"If you break your arm, everyone runs over to sign your cast, but if you tell people you're depressed, everyone runs the other way. That's the stigma." Kevin Breel, honest comedian
We probably all know this impulse, to move away instead of lean in. I know it. When I was hit with Postpartum Anxiety and Depression for the third time, and this time actually had the language to understand what was happening to me, I looked back on friendships in my past where I hadn't understood how to be supportive. Where I'd ran away. Where I'd been annoyed, even. I found myself guilty.
So what can we do instead to support our friends in the swell of hormones and emotion? This advice is good for standing by any postpartum mother, not just those with PMADs. Postpartum is the time of great transition, and solid ground may feel elusive as a woman shifts into her new expression of motherhood. How can we be a good friend to postpartum moms? How can we help her create a village of true support?
Ask her how she’s doing. Then ask her again.
Don’t presume to know anything about her experience. It doesn’t look the same for everyone. It also changes from day to day or moment to moment so keep asking. Become adept at listening.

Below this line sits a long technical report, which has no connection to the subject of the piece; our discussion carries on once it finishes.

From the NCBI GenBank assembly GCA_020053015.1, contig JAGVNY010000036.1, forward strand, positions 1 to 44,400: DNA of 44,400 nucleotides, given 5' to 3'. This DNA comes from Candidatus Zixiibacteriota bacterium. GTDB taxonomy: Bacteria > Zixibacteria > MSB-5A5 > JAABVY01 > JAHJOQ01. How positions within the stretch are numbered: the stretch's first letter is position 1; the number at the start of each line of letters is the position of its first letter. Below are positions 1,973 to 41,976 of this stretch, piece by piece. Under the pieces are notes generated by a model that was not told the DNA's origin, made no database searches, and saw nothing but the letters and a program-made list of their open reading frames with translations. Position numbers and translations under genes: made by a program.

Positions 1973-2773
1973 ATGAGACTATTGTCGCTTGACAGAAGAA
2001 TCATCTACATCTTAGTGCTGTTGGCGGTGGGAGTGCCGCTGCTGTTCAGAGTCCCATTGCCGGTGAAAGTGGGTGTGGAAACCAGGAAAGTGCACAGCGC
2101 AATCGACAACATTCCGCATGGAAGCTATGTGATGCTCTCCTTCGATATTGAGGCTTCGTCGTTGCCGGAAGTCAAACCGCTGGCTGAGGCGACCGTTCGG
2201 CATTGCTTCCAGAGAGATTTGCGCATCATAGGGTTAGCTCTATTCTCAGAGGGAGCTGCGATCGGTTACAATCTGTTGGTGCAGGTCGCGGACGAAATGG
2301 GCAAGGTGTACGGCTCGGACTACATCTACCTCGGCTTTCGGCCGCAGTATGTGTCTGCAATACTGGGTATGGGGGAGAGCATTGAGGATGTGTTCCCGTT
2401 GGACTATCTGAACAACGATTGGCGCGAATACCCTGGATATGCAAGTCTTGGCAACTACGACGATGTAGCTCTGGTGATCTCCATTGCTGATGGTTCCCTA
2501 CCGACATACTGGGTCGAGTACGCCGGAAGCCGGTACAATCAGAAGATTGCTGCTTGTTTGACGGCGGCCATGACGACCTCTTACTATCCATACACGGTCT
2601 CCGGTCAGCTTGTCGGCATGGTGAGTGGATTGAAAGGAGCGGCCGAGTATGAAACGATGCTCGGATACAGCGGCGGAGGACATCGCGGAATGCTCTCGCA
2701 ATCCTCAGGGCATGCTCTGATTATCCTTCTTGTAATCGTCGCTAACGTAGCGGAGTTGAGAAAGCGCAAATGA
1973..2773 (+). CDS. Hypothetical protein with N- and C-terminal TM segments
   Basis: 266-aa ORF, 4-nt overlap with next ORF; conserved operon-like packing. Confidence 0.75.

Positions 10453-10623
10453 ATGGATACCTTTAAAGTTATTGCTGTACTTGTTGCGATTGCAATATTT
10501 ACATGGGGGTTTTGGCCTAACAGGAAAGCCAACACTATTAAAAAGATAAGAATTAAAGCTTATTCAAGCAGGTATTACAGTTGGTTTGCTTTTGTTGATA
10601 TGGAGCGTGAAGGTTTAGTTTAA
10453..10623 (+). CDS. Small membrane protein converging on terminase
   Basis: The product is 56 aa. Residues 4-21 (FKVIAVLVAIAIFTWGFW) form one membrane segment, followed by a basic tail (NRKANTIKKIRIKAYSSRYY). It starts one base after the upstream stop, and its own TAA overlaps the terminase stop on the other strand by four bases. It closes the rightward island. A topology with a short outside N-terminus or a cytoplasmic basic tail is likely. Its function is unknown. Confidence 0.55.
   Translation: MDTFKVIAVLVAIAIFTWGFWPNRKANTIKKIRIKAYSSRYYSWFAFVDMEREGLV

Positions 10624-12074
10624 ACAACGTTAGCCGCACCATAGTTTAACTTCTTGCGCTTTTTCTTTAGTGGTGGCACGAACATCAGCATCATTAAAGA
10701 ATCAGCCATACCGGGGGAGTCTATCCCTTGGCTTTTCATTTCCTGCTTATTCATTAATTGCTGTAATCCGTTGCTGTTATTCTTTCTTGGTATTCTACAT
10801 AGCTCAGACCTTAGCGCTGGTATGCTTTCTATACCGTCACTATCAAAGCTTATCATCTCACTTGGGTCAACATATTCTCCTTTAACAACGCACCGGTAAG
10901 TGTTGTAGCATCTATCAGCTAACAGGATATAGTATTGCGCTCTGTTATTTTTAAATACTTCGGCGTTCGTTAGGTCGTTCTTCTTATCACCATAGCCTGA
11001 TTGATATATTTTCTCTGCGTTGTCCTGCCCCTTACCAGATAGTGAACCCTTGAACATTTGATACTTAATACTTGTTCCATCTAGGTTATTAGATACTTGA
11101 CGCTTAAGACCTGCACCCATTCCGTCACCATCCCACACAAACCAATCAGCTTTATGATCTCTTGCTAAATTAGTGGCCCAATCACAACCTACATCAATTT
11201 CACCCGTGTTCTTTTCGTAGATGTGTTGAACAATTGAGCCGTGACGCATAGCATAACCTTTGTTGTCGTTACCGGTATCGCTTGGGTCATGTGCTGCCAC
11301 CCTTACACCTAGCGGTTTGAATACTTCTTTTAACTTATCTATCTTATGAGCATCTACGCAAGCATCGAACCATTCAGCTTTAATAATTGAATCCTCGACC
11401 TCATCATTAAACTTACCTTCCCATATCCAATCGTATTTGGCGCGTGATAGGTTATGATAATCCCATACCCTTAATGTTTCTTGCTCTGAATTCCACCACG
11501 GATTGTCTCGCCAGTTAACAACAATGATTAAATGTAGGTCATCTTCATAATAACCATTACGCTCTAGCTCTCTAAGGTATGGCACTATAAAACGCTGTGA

Know that she’s not the same person anymore.
When a woman gives birth she is a different person. This likely feels like a loss to her, possibly a traumatic one. She is different and needs you to know that. Do not expect her to be unchanged. New mothers struggle when family, community, work, and cultural expectations remain the same while her experience of the world is now different. Physically, chemically, hormonally, emotionally, spiritually, energetically: the act of birth has left its imprint on her.